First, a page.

"Frank describes an indigenous radical tradition that descends from Jefferson and Paine and stretches forward to Franklin Roosevelt and Martin Luther King Jr. . . . Compelling." —The New York Times Book Review

"Rousing . . . central to the challenge of our times . . . A call to arms against the plutocratic elites of both America’s main parties . . . Frank’s real strength lies in his energetic optimism." —Financial Times

"Tom Frank does what few writers today are capable of doing—he criticizes his own side." —Wall Street Journal

"Deserves your attention . . . The People, No describes meticulously how over the last 120 years, reigning elites—whether conservative, liberal, or progressive—have regularly attacked populists with the same falsehoods . . . Welcome." —Forbes

"A terrific book . . . damning . . . eloquently-argued . . . The People, No documents the furious elite propaganda response to bottom-up political movements that has recurred in uncannily similar fashion at key moments across nearly a century and a half of American history, and is firing with particular venom today." —Matt Taibbi

"Brilliant . . . grand . . . an urgent plea to liberals and radicals alike to embrace a left populism and universalism—or keep on losing." —Jacobin

"An illuminating book, the best one I've read about the sound and fury of America's 2020 Election campaign." —Lewis H. Lapham

"A real contribution . . . Frank looks forward to the day when the 'liberal' elite and right-leaning populists exhaust themselves—and the Democratic Party reclaims its identity as the voice of workers." —City Journal

"Smart . . . Thomas Frank is one of the few great American political writers, and his new book The People, No is one of his best, if not his most urgent and pressing. . . . We need more Thomas Franks." —Splice Today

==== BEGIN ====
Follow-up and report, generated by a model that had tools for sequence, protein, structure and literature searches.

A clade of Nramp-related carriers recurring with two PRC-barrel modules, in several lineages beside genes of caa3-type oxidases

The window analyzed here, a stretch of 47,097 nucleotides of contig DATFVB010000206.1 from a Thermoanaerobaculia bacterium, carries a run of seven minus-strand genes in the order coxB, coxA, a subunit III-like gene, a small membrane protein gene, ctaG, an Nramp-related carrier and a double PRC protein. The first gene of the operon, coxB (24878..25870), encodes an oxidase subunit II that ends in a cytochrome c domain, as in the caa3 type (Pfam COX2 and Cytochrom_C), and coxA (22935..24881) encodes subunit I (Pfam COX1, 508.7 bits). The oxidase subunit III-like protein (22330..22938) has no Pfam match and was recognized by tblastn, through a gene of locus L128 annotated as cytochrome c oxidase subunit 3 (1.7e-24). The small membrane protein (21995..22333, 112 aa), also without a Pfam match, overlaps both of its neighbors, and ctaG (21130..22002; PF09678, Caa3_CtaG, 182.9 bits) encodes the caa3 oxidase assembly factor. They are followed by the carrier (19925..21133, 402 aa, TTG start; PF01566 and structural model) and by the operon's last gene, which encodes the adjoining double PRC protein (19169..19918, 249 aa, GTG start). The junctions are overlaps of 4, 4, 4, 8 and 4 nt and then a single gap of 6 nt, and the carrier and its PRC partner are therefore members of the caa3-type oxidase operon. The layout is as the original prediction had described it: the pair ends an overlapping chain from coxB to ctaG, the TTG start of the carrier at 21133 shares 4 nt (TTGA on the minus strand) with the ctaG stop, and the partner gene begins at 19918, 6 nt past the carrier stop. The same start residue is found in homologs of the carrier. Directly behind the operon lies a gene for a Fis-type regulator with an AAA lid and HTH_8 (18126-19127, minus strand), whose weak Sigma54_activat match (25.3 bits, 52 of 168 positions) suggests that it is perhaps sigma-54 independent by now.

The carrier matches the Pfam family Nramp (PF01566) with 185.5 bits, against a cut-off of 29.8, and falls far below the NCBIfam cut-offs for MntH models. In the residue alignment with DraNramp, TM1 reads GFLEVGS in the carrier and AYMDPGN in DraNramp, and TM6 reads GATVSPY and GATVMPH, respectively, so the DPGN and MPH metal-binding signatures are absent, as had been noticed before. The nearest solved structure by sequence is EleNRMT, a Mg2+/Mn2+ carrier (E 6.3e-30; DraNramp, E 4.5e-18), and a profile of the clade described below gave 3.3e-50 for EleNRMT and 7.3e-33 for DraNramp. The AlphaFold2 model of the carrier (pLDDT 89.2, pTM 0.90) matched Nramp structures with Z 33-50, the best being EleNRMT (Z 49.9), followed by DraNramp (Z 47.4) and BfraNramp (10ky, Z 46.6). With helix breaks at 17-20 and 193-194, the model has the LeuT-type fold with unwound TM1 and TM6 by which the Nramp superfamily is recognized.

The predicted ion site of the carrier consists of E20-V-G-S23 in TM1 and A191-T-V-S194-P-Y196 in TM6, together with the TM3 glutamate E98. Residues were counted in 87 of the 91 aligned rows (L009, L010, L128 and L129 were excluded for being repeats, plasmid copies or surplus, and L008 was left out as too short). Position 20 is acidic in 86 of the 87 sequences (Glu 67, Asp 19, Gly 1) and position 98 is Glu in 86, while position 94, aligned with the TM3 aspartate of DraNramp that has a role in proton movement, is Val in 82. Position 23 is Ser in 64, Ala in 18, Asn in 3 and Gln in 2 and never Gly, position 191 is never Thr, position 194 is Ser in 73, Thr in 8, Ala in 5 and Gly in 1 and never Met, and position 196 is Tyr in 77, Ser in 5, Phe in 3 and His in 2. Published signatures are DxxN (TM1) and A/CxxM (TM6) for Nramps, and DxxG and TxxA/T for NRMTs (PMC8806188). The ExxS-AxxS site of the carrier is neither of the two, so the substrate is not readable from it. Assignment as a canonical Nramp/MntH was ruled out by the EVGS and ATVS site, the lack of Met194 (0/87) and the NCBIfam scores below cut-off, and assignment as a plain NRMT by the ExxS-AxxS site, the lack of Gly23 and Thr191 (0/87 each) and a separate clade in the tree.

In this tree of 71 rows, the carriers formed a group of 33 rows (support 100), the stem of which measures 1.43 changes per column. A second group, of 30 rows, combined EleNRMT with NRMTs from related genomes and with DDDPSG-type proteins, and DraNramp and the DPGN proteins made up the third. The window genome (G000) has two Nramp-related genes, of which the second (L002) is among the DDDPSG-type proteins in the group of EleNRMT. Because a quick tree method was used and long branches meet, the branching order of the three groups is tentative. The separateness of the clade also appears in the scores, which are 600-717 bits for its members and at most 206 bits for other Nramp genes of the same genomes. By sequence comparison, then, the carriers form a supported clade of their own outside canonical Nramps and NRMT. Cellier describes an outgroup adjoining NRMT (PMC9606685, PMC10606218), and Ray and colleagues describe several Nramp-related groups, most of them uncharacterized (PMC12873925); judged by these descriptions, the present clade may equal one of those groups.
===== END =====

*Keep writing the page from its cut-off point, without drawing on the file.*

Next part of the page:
"Provocative . . . powerful . . . Frank has delivered a defiant challenge to the antipopulist liberals more infatuated with the advice of experts and their own moral virtues than mobilizing ordinary Americans on the basis of progressive values."
The Progressive

"Populism is not just an old American way of doing politics, the author argues, but fundamentally a progressive one as well. . . convincing . . . an eminently readable contribution to political discourse." —Kirkus Reviews

"Frank blends diligent research with well-placed snark to keep readers turning the pages. Liberals will be outraged, enlightened, and entertained." —Publishers Weekly

"Frank brilliantly places populism in the context of seminal historic events. . . . His provocative conclusions, about elites and the people, turn common assumptions upside down—all the better for making readers think." —Booklist (starred review)

"With his usual verve, Frank skewers the elite voices of condescension that vilify the egalitarian and democratic strivings of working people. In so doing, he offers a passionate defense of populism, which he reveals as a deep and wide political tradition that remains as essential as ever for the hopes of a more just and equitable society.” —Charles Postel, author of Equality: An American Dilemma, 1866–1896

Product Details

ISBN-13: 9781250220110
Publisher: Holt, Henry & Company, Inc.
Publication date: 07/14/2020
Pages: 320
Sales rank: 18,168
Product dimensions: 5.30(w) x 8.30(h) x 1.30(d)

Customer Reviews